government control also kept the issue under wraps for a long time,
understanding the enormity of the problem only at the advent of economic
reforms in early nineties.
The book elucidates the various measures taken by Reserve Bank of India to
control NPAs over the last decade and a half and critically analyses the success
obtained in containing the same. It also provides an international perspective by

15

highlighting the problem of NPAs in other South East Asian countries and the
measures taken by them to solve the issue.

CHAPTER: 3
NPA MANAGEMENT

16

CHAPTER:3
NPA MANAGEMENT

IDENTIFICATION OF POTENTIAL NPA / STRESSED ASSETS

1. Reckoning of NPA :

A NPA account to be identified based on its status / position of the


accounts erosion in security as on the date of balance sheet of the bank.
Nevertheless, the date of a NPA account would be the actual date on which the
slippage occurred. If an account is regularized before the balance sheet date by
repayment of overdue amount through genuine sources (not by sanctioning of
additional facilities or transfer of funds between accounts), the account need not
be treated as NPA.
It has, however, to be ensured that in the account remains in order
subsequently and a solitary or few credits made in the account on or before the
balance sheet date which extinguishes the overdue amount of interest or
installment of principal is not reckoned as the sole criterion for treating the asset
as standards one.
2. Identification and monitoring of potential NPA / stressed assets:
Indention of potential NPA account as its incipient stage of sickness and
initiating immediate corrective measures is the most important step for
preventing an asset from becoming NPA. The guidelines issued by Credit
Monitoring Cell (CMC) CAD, HO should be followed in this regard.

17

3. Constitution pf NPA Prevention Cell at the ROs.

It has been decided to constitute a NPA Prevention cell at the ROs to


monitor the Standard-B accounts and to ensure the prevention of their slippage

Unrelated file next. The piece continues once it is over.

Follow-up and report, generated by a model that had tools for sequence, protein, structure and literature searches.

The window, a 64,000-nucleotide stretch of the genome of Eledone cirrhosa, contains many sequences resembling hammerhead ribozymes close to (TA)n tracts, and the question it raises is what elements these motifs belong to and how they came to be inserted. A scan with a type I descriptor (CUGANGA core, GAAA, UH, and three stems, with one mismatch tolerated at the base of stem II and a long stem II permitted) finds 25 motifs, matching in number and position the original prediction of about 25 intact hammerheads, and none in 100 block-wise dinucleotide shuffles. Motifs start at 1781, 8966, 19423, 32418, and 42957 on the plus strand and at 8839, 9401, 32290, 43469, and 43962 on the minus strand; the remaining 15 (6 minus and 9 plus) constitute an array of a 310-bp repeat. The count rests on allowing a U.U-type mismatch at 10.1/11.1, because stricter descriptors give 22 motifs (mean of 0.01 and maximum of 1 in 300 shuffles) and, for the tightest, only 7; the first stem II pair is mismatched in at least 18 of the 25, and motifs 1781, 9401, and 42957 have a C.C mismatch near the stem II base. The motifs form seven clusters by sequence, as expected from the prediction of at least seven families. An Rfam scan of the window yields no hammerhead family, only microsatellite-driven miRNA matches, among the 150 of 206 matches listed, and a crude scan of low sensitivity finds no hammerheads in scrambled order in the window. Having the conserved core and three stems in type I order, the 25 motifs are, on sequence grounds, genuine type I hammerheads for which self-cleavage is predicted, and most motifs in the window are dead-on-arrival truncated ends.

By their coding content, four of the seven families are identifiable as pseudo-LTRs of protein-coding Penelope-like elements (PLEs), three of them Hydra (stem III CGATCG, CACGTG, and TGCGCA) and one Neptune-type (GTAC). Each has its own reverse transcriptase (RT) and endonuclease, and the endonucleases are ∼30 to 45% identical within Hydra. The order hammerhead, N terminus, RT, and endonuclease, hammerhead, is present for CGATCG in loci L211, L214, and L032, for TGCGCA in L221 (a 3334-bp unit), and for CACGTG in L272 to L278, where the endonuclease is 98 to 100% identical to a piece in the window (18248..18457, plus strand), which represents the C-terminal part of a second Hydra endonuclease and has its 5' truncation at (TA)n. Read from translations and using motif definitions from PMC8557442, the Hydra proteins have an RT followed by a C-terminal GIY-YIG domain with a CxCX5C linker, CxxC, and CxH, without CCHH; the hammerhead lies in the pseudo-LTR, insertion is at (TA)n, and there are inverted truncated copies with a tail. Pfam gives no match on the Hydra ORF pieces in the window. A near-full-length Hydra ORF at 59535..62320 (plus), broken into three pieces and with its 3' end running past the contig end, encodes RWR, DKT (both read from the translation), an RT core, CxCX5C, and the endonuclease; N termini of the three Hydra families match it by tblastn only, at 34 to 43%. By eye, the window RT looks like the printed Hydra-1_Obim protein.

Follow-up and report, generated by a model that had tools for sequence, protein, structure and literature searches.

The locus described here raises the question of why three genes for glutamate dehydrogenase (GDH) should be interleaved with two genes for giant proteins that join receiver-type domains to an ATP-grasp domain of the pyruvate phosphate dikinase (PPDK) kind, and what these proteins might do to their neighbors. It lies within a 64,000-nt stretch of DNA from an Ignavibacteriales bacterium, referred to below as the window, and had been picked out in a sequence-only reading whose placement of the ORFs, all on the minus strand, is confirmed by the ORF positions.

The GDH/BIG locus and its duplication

to NPA. The cell headed by Regional Manager would comprise Regional
Manager, Dy. Regional Manager and Credit Officer. It will conduct its meeting
every fortnight.

ITS FUNCTION WILL BE AS UNDER:

To examine the information received from branches relating to


Standard B (based on 60 days norms), NPA accounts and identify
the accounts for restructuring. The entire process should be
completed within a time frame of 30 days.

To review the performance of the existing restructured accounts


including BIFR and CDR cases.

The cell will send information on fortnightly basis to CMC, CAD


Head Office.

Regional Manager to cell for the explanation from the Branch


Managers whose performance in recovery is far from satisfactory.

18

4. Review and reporting of potential NPA / Stressed assets

Following steps be taken for review and reporting of potential


NPA / Stressed Assets:

Step-1: Analysis of reason of deterioration of health, signs of sickness,


problem character of the A\c.

Step-2: Close interaction with the borrower, visit to the unit, close and
frequent monitoring of the account, drawing the attention of the borrower
to the irregularity / deterioration in he asset quality / signs of weakness in
the account.

Step-3: Advice the borrower to correct the irregularity immediately in a


time bound manner and obtain his categorical assurance.

Step-4: Corrective measures for prevention of slippages:


Review the account and consider sanction of need based working
capital limits on merits, if the present limits are inadequate.

Identify Stressed Assets accounts and consider restructuring /


realignment / re-schedulement on merits.
Early warning signal, if any, to be watched and addressed to.

19

Verification of (i) the documents for its correctness, enforceability,


(ii) correctness of ROD (iii) insurance covers (iv) value/marketability
of prime/collateral security eye.

Verification of existence of primary / collateral security of the borrower.

Step-5: Report to the next higher authority, the details on the above
aspects and suggesting specific corrective measures in time.

Step-6: Implement the corrective action and report to higher authority.

5. Maintaining the Assets Quality :

Post sanction monitoring, supervision, and follow up